Back when I was growing up, Rudy Giuliani destroyed the Italian mob in New York City. Today he declared Chapter 11 bankruptcy to avoid paying a $148 million defamation verdict—the day after the people he defamed sued him again for repeating the same defamatory statements outside the courthouse after the judgment was handed down:
Lawyers for the two Georgia election workers who won $148 million in damages from former Trump attorney Rudy Giuliani last week filed a new lawsuit Monday, asking a federal judge to order him to stop repeating his damaging debunked claims about the poll workers and to immediately enforce the jury’s massive award before his assets are dissipated.
Ruby Freeman and Wandrea Arshaye “Shaye” Moss asserted that Giuliani is continuing to baselessly accuse the former Fulton County election workers of manipulating the absentee ballot count to steal the 2020 election from former president Donald Trump in Georgia. The former New York mayor repeated the allegations during and after his defamation damages trial last week, even as his lawyer conceded in court the claims were wrong.
“Everything I said about them is true,” Giuliani told reporters outside the courthouse after the first day of his trial on Dec. 11, adding, “Of course I don’t regret it. … They were engaged in changing votes.”
I'm no doctor, but it looks like Giuliani has suffered from dementia for a long time, and it's getting worse. He appears to have no self-awareness or self-control at this stage. Other circumstantial evidence suggests late-stage alcoholism. Whatever the cause, the man stopped making sense long before he started working for the XPOTUS—even before he tried to cancel the 2001 New York mayoral election:
Once he was the toast of town. As a federal prosecutor he sent a congressman to jail, locked up mobsters and indicted white-collar criminals. As mayor, he made the streets again feel safe. Love him or hate him, crime precipitously dropped on his watch.
In the days and months following 9/11, he projected strength, confidence and reassurance. He had braced himself for a calamity; he just didn’t know its source or when it would happen. He was steady when crunchtime arrived.
As mayor, his tenure was consequential. His eight years at city hall rank up there with Fiorello La Guardia, Michael Bloomberg and Ed Koch. All that feels like aeons ago.
Yet Giuliani’s latest woes cannot be described as wholly surprising. He always possessed a penchant for drama and a tropism for the transgressive. He loved the opera and his life emerged as operatic. As a prosecutor, he dressed up “undercover”. Then as mayor, he performed onstage in drag with Trump.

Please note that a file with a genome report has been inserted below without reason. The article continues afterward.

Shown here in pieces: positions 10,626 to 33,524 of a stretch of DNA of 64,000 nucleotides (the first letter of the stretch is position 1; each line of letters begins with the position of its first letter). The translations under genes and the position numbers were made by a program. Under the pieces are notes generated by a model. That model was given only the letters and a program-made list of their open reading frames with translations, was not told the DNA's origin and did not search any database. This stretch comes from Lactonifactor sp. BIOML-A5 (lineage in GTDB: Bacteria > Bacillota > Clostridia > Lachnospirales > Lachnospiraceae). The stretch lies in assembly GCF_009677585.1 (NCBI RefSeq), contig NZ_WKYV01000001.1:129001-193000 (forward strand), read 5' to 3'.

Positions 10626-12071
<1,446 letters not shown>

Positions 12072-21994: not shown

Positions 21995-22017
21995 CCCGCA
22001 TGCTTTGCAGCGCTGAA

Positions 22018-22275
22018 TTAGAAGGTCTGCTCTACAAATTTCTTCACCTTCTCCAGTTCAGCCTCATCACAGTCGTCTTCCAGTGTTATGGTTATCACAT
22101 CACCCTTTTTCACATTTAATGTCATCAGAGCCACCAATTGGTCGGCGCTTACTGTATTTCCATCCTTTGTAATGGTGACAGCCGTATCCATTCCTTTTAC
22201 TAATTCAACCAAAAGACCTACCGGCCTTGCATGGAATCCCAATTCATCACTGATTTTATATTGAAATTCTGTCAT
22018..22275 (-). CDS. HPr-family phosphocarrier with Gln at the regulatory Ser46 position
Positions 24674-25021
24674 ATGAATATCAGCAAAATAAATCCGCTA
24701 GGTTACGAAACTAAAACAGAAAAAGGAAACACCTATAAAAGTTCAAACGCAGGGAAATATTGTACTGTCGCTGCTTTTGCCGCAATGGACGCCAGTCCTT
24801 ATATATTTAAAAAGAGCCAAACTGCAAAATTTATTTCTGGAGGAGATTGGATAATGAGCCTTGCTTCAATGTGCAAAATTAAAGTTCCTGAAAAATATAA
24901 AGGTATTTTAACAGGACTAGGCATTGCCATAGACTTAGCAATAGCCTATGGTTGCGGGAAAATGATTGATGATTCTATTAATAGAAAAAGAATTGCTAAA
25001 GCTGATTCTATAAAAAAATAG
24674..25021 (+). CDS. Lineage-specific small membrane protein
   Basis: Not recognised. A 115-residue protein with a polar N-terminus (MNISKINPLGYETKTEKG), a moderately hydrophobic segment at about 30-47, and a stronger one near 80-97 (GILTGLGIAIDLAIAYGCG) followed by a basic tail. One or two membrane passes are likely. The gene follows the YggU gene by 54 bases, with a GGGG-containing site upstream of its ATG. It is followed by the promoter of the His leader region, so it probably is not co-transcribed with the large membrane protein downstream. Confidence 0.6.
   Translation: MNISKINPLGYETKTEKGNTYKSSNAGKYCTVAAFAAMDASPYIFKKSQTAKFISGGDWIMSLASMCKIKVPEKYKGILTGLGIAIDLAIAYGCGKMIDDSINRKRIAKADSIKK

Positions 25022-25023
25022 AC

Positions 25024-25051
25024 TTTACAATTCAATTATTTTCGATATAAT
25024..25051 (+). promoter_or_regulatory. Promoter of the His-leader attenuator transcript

All that came with a darker side. The warning signs were there. We just chose to ignore them.
Amid his first campaign for mayor, in 1989, a story broke of a concentration camp survivor, Simon Berger, being held in federal custody, facing a blackboard that read “Arbeit Macht Frei” the slogan written across the gates of Auschwitz. Berger would be acquitted. Decades later, Dunphy alleged that Giuliani has a problem with Jews.
I lived in New York City while Giuliani was mayor, though. As Donna Lieberman of the New York Civil Liberties Union reminded me while researching this post, even at his most popular, he was a bit unhinged:
Whatever may be going on with Rudy Giuliani personally, let’s be clear: while, for one brief moment in his career he served as a cheerleader for a devastated city and a shocked nation, the rest of Rudy Giuliani’s mayoralty was driven by a hostility to free expression, police brutality and violence, and an authoritarian disregard for democracy.
Let’s start with the First Amendment. The New York Civil Liberties Union was involved in 34 First Amendment lawsuits against the Giuliani administration – and prevailed in 26 of them. Those cases successfully challenged the firing of Police Officer Yvette Walton in retaliation for testifying before the City Council about racial profiling; the attempt to censor the Sensations exhibit at the Brooklyn Museum; the ban on press conferences and demonstrations by Giuliani critics on the steps of City Hall; the ban on condom distribution as part of AIDS education in City Parks; police harassment of homeless people sleeping on the steps of the Fifth Avenue Presbyterian Church; and singling out political demonstrators charged with minor offenses so that they could not get appearance tickets to return to court and often had to stay in jail overnight.
In the seven-and-a-half years before 9/11, let there be no mistake: racial bias, fear-mongering, and police brutality were the hallmarks of Giuliani’s mayoralty.
As mayor, Giuliani oversaw a policing regime repeatedly engaged in persecution and brutal assaults and killings of Black and Hispanic New Yorkers, using unlawful stop-and-frisk policies to jail Black and Hispanic New Yorkers in service of his ‘broken windows’ policing. Every time the NYPD killed a Black man, Rudy Giuliani was right there not only defending the police, but attacking the victim.
I will never forget his tirade against Patrick Dorismond, a 26-year-old Black security guard and father of two, after undercover police officers killed Dorismond after initiating a scuffle while on the job in Manhattan. Giuliani attacked Dorismond’s character and publicly revealed his legally-sealed juvenile record. It was Giuliani‘s notorious street crimes unit that killed Amadou Diallo in the lobby of his apartment building.
Rudy Giuliani has always had an authoritarian streak coupled with a belief that the rules didn't apply to him. Fortunately, he behaved so badly for so long that no one ever gave him more power after his mayoralty ended in 2001. And I mention all this because, as bad as Giuliani has always been, and as far as he's descended into dementia and insanity...the XPOTUS is worse.
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